Airbus wings made in Filton begin their long trip from Bristol to Spain ... by sea
THE first wings for an Airbus plane built at Filton and to be transported by sea were loaded on a giant ship at Avonmouth this week.
There were fears that the closure of Filton Airfield would lead to the loss of work at the giant Airbus factory in South Gloucestershire.
The firm was one of the biggest users of the airfield until it closed in December of last year. Under the old system wings built at the giant factory were loaded onto Beluga aircraft at Filton and then flown to assembly plants in North Wales, Germany, the south of France and Seville.
And there were concerns that the decision to close down the airfield would be a massive blow for the Airbus factory and its 4,000 strong workforce.
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But Airbus has always insisted that contingency plans were put into place. This week the huge logistical operation to transport wings built in Bristol to the south of Spain swung into action.
The wings designed and built in Filton are for the A400m military aircraft – which is better known as the Grizzly.
The plane is assembled and built in Airbus's military factory in Seville and the 1,500-mile journey usually takes around four hours by plane.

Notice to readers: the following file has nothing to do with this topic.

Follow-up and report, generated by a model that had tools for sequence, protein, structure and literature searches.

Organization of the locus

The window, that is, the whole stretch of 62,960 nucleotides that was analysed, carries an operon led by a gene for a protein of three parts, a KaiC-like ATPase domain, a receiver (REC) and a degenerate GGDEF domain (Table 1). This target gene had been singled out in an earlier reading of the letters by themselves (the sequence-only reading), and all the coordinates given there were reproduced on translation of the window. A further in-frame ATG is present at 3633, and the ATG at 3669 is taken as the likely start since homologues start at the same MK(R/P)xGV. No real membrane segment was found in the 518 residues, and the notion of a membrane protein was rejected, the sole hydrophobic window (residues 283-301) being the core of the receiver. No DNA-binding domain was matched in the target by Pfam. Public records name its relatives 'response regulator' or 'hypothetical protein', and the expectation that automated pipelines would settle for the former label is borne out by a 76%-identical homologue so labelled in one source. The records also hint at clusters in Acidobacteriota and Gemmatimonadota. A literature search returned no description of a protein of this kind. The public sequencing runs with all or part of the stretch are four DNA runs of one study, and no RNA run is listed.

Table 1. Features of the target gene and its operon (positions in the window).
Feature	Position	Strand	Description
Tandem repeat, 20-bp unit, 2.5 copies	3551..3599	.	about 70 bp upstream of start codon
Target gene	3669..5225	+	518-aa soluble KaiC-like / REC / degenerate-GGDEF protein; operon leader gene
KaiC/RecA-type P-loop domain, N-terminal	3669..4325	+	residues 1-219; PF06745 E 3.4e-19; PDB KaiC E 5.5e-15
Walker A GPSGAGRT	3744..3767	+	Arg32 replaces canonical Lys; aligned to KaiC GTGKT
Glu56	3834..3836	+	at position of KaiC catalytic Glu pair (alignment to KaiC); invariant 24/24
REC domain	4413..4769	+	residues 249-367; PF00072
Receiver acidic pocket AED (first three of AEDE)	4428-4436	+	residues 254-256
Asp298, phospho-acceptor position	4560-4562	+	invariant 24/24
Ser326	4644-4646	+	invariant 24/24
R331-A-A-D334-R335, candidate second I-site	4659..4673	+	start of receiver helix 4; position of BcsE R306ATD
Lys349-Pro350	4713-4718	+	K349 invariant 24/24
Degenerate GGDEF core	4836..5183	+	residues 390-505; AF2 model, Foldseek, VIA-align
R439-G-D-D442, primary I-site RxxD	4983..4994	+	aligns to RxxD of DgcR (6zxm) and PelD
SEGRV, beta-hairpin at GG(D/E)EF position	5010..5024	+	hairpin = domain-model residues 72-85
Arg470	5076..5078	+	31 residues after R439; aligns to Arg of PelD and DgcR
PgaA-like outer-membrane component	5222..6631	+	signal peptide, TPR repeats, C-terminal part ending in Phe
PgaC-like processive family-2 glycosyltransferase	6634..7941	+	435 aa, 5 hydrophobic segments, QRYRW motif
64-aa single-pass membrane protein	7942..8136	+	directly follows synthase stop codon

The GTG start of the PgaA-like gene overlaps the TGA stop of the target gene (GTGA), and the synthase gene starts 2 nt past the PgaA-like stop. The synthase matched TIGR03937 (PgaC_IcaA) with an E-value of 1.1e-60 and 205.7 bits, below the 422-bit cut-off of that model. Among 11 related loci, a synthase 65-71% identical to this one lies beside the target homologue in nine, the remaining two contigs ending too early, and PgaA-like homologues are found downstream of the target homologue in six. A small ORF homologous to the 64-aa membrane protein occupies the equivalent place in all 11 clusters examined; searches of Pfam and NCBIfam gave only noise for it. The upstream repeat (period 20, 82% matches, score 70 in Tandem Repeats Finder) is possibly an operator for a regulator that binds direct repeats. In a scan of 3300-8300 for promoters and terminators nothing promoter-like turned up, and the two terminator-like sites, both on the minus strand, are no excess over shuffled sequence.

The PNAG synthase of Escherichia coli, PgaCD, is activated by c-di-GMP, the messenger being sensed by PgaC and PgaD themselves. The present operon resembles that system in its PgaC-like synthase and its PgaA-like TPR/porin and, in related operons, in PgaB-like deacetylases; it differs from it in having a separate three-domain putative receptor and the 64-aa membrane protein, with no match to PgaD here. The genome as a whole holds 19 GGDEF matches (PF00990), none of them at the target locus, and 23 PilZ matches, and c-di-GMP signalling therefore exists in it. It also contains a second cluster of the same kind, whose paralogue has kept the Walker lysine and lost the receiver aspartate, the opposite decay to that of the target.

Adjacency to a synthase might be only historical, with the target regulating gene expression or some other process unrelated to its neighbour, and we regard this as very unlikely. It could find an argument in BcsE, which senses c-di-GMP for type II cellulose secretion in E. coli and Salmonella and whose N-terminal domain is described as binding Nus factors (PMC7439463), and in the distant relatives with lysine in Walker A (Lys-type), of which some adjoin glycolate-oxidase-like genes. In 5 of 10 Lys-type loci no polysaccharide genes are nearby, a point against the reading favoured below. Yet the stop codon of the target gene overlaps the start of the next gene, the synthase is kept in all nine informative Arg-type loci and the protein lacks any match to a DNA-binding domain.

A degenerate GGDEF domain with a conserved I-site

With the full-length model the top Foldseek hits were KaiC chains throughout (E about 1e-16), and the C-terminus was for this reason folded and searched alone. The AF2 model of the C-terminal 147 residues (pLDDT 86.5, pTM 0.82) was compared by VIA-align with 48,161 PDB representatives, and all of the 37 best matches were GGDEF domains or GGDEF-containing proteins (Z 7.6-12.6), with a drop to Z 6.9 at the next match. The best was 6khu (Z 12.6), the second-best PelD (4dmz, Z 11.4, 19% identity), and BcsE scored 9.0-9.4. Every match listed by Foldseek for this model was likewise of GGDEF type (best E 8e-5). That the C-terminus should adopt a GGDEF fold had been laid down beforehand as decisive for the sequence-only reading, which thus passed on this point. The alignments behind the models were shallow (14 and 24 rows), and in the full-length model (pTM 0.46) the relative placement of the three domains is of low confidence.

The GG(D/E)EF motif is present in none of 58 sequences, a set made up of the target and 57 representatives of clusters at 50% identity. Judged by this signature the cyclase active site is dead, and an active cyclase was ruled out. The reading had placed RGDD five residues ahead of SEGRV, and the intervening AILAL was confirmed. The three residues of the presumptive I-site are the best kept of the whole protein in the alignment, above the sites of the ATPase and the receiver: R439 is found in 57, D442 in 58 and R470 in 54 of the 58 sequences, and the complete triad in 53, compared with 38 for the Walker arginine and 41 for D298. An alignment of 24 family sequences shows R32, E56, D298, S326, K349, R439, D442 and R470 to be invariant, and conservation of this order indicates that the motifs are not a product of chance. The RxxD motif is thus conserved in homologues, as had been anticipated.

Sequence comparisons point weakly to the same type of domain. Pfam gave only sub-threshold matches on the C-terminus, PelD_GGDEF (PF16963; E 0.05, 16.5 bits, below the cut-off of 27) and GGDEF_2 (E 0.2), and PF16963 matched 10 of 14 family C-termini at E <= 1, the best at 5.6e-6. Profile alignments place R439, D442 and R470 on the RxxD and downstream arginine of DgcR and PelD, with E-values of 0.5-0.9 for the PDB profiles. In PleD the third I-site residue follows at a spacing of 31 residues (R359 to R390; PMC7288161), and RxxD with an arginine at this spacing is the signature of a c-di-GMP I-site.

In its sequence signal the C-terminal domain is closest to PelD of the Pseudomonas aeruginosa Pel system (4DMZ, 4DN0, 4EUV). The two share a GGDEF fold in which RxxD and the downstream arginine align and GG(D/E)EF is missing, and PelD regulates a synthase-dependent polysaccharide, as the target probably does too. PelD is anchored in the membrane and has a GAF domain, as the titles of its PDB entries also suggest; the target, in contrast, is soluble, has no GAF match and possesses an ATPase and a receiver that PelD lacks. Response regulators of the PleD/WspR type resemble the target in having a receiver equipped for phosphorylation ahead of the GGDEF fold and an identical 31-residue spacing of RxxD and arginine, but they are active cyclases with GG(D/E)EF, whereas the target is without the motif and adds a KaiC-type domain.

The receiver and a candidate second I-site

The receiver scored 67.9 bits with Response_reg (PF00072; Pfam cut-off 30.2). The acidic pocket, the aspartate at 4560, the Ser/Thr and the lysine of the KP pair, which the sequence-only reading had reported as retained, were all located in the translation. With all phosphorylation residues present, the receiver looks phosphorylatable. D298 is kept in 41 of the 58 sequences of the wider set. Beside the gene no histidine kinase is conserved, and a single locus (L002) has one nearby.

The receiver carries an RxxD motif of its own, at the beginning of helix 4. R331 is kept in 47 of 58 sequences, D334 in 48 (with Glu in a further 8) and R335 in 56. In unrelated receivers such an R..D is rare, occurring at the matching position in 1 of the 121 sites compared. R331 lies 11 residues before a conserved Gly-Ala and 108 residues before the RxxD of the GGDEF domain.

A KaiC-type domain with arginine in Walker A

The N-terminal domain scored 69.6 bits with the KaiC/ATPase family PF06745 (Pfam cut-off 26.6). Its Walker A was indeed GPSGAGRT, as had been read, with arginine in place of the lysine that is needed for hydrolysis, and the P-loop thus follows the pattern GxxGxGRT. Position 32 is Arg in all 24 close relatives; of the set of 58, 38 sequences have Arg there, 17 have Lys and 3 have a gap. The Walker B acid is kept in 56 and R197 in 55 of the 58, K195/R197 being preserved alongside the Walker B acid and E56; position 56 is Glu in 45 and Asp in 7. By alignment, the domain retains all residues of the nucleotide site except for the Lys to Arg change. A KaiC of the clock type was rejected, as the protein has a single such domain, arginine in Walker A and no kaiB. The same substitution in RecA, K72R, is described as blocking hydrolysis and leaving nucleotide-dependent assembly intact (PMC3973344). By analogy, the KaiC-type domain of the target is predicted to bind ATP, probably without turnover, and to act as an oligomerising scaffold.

Under the new arrangements the 20 metre long wings were transported to Avonmouth by road and loaded onto an Airbus-owned container ship.
The journey to the southern coast of Spain will take three days and then the wings will be loaded onto a trailer and transported by road to the Seville factory.
The unions had raised concerns about the impact of the closure of the airfield on the Airbus factory but Airbus has always insisted a robust transport system was in place.
A similar operation in North Wales recently ran into trouble when the cargo ship involved became marooned on a sand bank in the Dee Estuary.
The Ciudad de Cadiz had to be re-floated after it was stuck for more than a week. It is undergoing extensive tests to make sure it suffered no damage. The 125m vessel became stranded after slipping its moorings outside Mostyn Docks, where the ship was due to pick up plane wings made at the Airbus factory in Broughton.
It is one of three ships used by the company to ferry wings to its assembly factory at Toulouse in southern France and in Spain.
Earlier attempts to refloat the vessel had to be abandoned due to high winds and low tides.
Even though Airbus is no longer the world's leading aircraft manufacturer the firm is still breaking records for orders.
It has concentrated its research and development operation in Filton. Last month the firm announced 200 new jobs with the help of a Government grant.
Government minister Michael Fallon announced that Filton would get a slice of the Regional Growth Fund to fund the posts.